The success of any business venture depends on two factors: the goals and metrics for defining that success. One of the goals is customer success, which starts with understanding why and how customer success is critical for growth.
Customer success goals might be straightforward, but the real deal lies in metrics. For entrepreneurs already on top of one or more of these CS metrics, monitoring business success will be easy.
Here are five customer-focused metrics that reflect the performance and true health of a business:
Once the business gets off the ground and starts attracting clients, loyalty is arguably one of the most important objectives to focus on. Customer loyalty is reflected in the retention rate. Tracking retention rate will indicate the number of customers that consistently use a company’s product or service over a specified period and—in the case of merchandise—repeat purchases.
The actual number of loyal customers can be calculated with this formula: Retention Rate = [Number of customers at the end of a specified period] – [Number of new customers in the period] ÷ [Number of customers at the start of the period] x 100.
In other words, the retention Rate is the number of retained customers divided by the number of customers at the start of the period x 100. The last step will give you the percentage, which you can use to easily track improvement.
Net Retention Rate And Average Rate Per Customer
Closely related to customer loyalty is the net retention rate. While customer loyalty measures the number of clients that stay with the company, the net retention rate tells of their purchasing power.
Customer loyalty is an excellent foundational customer success metric for a new business to track. However, net retention must be considered down the line as it is more comprehensive. For instance, net retention will tell you how many customers have upgraded or downgraded their product use. These factors can indicate when a customer is about to stop using a product.
In addition to the net retention rate, the average rate per customer speaks of the company’s customer value. While the number of customers matter, one business may have high-value customers while another has low-value customers. You want to be in the former category. To gauge the average customer value of the business, divide the total revenue collected from customers by the total number of customers.
The churn rate is another success indicator when it comes to customers. Simply put, churn rate is the flip side of customer loyalty, showing the number of clients a business has lost over time.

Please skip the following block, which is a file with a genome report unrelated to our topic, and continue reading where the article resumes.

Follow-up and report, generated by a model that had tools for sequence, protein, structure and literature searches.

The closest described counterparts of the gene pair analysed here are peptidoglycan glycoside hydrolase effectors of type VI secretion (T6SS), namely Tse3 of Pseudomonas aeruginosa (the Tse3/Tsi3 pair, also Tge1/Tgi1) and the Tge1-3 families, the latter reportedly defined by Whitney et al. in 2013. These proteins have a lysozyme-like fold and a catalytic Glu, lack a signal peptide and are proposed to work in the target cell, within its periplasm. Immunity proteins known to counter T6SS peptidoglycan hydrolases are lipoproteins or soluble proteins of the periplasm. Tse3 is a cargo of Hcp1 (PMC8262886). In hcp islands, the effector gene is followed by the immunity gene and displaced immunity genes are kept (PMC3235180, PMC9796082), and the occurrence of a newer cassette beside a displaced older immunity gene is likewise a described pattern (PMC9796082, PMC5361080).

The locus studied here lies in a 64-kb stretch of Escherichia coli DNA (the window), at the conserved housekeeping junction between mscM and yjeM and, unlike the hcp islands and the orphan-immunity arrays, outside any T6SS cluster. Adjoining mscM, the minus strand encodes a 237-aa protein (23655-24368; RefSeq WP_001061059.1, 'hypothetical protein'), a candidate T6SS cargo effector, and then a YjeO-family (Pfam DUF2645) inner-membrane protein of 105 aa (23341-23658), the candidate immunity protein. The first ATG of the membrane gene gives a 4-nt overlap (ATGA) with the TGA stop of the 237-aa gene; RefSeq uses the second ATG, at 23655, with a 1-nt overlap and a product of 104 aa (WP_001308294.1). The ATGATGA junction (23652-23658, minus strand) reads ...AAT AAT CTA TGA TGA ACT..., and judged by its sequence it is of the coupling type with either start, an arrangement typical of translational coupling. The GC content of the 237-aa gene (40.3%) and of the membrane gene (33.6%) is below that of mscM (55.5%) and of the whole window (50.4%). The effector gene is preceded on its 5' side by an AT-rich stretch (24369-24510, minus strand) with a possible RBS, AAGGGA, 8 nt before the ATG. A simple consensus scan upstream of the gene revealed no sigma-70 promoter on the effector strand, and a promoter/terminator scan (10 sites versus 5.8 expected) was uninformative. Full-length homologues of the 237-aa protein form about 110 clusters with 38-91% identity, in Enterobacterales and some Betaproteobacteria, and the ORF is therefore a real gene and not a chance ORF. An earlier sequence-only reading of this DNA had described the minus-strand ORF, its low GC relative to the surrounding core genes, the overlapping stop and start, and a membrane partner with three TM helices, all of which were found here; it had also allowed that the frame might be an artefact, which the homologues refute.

In SaaS, the churn rate is the number of people unsubscribing from the product, considering product or service satisfaction generally drives the churn rate.
Notably, a high churn rate is a critical telltale sign that the business may not be providing value or the retention strategies are not working. Further, these retention strategies may include activities along the customer journey, such as onboarding, customer support and promotions.
As with average rate per customer, churn rate is another excellent way to determine the value each customer brings, helping you to assess the difference between losing a client paying $200 and one paying $1,000.
To get the churn rate, use this formula: Churn Rate = [Number of lost customers] ÷ [Total number of customers at the start of the period] x 100.
Is there an acceptable churn rate? All businesses lose customers at some point, even the most popular and robust ones. The big question is how many losses can you incur before you enter the red zone. According to Hubspot, an acceptable churn rate is below 8%.
User statistics or analytics indicate customer success in using the product or service. A business can determine its user cohorts (i.e., groups of users with shared traits) by analyzing the user data inside the website or product.
Analytics show the company’s health at a finer scale by revealing how customers adopt, interact and engage with the key product features or, in the case of goods, the types and categories of goods. Entrepreneurs using tools like customer relationship management technology understand how vital this metric is to the growth of the business and customer success in the long term.
Customer 360: Tying It All Together
At the core of customer success is the customer. That’s why gauging the health of a business takes interacting with metrics around the customers. With that said, a Customer 360 touches on all of these metrics and more trackable data and solutions that give businesses information about the customer’s interaction with the business at any point—past, present and even future.
While it takes sophisticated tools to gather consistent, accurate data, a Customer 360 is the single source of comprehensive insight into all the relevant information, which includes but is not limited to:
- Product usage history
- Purchasing history
- Transaction history
- Length of time as a customer
- Survey history
- Inquiry history
- Next purchase or renewal
- Contract value
The goal of customer success is revenue growth, but it is also worth noting that customer success is customer-focused. From these metrics, the business owner can tell whether that’s the case for their business.
Read the original article on the Forbes website